The Optimist Citizen

How a corporate honcho jumped the corporate cubicle to save the last of our nature and wilderness

“Save the Tiger” is a phrase that has been heard, read and written by many in the past few years. Surprisingly, it has been seen, that the support for saving the majestic predator has aroused mostly from the digital pockets of our society; namely the SOCIAL MEDIA. But as soon that virtual thumb goes up, our concern for saving the species automatically vanishes and stays limited to the digital purview. What is the habitat of the tiger? How does it feel to stay in a tribal village near a protected wildlife area? Have we ever wondered what does it really take to SAVE THE TIGER?

Understanding the need to provide solutions, a non-governmental organization based out of Madhya Pradesh called “Last Wilderness Foundation” has been quietly doing its bit to save our nature.

It was started by Nikhil Nagle, former Head of India Equities at Citigroup Global Markets, in 2010 after he quit his corporate existence and decided to devote his resources to his passion. “The moment my eyes met the eyes of the tiger, it was love at first sight”, says Nikhil while describing his first encounter with a tiger at the Kanha National Park in 1997. Love is usually held responsible for the most drastic and life changing decisions. Nikhil broke out of his lifestyle for the love of Tiger. He devoted his time to capture the wildlife in his camera and travelled to various sanctuaries around the world, including Peru, Alaska and South Africa, and eventually started Last Wilderness foundation after leaving his job in 2010.

Early on, the organization understood that conservation and protection of nature and wildlife is not a one-way linear process. Instead, it is a holistic process of active participation and reinvigorated awareness on the part of all the stakeholders, like government, forest officials and the local tribal people living in the vicinity of forest areas, which can conserve our nature and its inhabitants.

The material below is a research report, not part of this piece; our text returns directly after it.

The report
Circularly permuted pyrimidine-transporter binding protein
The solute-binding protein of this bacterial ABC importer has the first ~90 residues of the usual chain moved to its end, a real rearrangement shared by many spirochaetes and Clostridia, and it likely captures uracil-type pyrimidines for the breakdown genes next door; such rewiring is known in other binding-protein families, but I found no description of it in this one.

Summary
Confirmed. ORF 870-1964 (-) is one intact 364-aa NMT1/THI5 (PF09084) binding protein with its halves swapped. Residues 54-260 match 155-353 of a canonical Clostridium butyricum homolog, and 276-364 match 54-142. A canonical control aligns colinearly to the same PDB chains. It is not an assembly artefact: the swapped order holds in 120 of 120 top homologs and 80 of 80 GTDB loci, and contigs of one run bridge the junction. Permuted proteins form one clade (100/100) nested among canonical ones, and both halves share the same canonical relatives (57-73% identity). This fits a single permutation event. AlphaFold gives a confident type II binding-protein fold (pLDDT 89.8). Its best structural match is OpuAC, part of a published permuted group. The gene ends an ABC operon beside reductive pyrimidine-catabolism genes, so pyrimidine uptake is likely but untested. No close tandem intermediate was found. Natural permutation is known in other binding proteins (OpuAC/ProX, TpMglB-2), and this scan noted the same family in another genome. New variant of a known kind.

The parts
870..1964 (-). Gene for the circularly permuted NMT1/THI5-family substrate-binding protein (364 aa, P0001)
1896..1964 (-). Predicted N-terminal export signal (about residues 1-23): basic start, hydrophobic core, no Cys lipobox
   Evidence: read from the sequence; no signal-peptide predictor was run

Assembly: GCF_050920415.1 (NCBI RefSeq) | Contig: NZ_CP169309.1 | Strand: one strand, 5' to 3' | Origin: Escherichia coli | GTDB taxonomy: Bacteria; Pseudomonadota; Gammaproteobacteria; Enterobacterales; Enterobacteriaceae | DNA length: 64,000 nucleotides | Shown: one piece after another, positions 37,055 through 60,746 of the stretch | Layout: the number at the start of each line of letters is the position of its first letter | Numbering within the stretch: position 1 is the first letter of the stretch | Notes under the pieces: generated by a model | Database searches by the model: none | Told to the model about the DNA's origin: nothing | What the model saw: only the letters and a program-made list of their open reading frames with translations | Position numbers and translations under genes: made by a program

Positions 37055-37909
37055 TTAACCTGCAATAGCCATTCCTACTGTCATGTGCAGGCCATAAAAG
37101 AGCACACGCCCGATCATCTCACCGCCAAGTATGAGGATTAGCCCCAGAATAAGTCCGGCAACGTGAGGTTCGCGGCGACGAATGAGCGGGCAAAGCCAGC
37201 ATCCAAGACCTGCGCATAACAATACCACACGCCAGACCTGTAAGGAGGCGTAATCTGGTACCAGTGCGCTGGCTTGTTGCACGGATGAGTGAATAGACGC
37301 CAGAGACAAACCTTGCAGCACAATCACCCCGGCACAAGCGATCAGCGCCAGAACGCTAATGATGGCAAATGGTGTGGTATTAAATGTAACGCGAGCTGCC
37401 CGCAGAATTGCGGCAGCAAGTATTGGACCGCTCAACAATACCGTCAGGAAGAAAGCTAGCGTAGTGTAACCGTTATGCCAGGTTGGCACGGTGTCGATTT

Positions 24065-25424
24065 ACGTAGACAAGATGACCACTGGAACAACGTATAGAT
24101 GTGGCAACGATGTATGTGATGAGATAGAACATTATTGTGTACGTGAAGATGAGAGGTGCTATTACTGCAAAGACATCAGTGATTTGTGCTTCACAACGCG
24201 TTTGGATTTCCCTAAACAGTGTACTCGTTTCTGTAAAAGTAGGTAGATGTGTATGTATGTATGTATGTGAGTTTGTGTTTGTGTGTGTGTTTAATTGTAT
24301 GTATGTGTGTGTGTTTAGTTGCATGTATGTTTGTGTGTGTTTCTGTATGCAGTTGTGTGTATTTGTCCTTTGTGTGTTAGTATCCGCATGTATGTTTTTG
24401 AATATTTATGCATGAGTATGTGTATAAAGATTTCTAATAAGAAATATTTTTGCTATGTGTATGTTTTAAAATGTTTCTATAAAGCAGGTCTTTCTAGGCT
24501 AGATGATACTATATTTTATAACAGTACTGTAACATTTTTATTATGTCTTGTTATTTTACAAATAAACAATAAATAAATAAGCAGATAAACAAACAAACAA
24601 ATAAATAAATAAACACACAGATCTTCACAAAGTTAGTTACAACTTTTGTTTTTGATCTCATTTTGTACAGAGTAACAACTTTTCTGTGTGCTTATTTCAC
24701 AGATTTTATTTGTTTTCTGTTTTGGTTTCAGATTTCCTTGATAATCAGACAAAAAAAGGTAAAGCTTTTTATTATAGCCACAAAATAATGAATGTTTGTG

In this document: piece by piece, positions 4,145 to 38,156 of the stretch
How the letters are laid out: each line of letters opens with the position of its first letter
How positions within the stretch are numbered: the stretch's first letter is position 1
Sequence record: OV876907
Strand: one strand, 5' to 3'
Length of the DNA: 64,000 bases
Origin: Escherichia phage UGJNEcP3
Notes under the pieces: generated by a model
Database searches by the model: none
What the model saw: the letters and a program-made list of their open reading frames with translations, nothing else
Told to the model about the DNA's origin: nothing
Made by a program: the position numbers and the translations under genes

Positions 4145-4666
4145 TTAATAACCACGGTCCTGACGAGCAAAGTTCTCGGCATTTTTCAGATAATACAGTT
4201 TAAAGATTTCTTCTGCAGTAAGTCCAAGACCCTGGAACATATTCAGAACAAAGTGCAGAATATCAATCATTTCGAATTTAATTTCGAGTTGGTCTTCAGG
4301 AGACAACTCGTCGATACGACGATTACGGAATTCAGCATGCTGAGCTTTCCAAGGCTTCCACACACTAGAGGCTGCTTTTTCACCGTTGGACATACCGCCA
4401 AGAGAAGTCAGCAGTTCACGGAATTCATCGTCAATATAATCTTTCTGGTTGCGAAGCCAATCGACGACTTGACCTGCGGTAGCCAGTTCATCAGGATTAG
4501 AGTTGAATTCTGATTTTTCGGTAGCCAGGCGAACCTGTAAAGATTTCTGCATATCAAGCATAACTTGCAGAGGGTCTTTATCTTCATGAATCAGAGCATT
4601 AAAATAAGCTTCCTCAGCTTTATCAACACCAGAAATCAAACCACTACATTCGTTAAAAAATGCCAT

Students and volunteers interacting with the forest officials
Students and volunteers interacting with the forest officials

Last Wilderness Foundation does this with the help of a dedicated team which is led on the ground by wildlife enthusiasts, Vidya Venkatesh and Bhavna Menon. Organizing Capacity Building programmed for the forest officials and awareness camps for the tribals, they try to achieve a balance for everyone and prepare them for situations like man-animal conflicts, individual efforts for wildlife conservation, and regular Safari trips for locals, etc. Also, their online platform acts as a repository of images, videos, experiences, methods, and blogs to give a better understanding of the problems of everyone involved, from the animals to the forest officials to the tribal population. In their attempt, the government and the bureaucracy too have given all the help. “Our experience with the forest department in MP has been singularly outstanding”, says Nikhil.

With initiatives focussing on Forest guard training, avoiding human-animal conflicts, safaris, interactions with locals, the foundation has indeed created a buzz in the spectrum of wildlife conservation. “There has been a lot of awareness in the metropolitan areas over the last few years about the need to save tigers and our forests. That has been the good part. The flip side, however, has been that most of that awareness has often come in the form of Social media activism by people who do not understand or do not want to understand) the real on-ground issues”, says Nikhil. “Similarly, it is difficult to explain to the villager who recently lost his cattle, was attacked, or lost a family member due to a wild animal, to not kill it. These are real people who face real issues – and unfortunately, we have millions of such people who live in close proximity to parks with wild animals. What we need is to provide them with the right mix of understanding and awareness,” he reaffirms.

Interactive session with tribals at a forest camp
Interactive session with tribals at a forest camp

But amongst all such difficulties and misunderstanding, Last Wilderness Foundation and its work firmly cements that there is hope.There is hope in the form of forest guards who live in dreaded conditions to protect the wildlife. There is hope in the veil of the tribals, who even after ascertaining heavy losses, give immense importance to nature. And there is hope in people like Vidya and Bhavna who sacrifice amenities to work hard for their passion: nature. And it is this hope that has helped Last Wilderness Foundation to work endlessly to bring an understanding with innumerable stakeholders and has given that sliver of hope that maybe we can SAVE THE TIGER after all.

Priyanshu Mani | TOC

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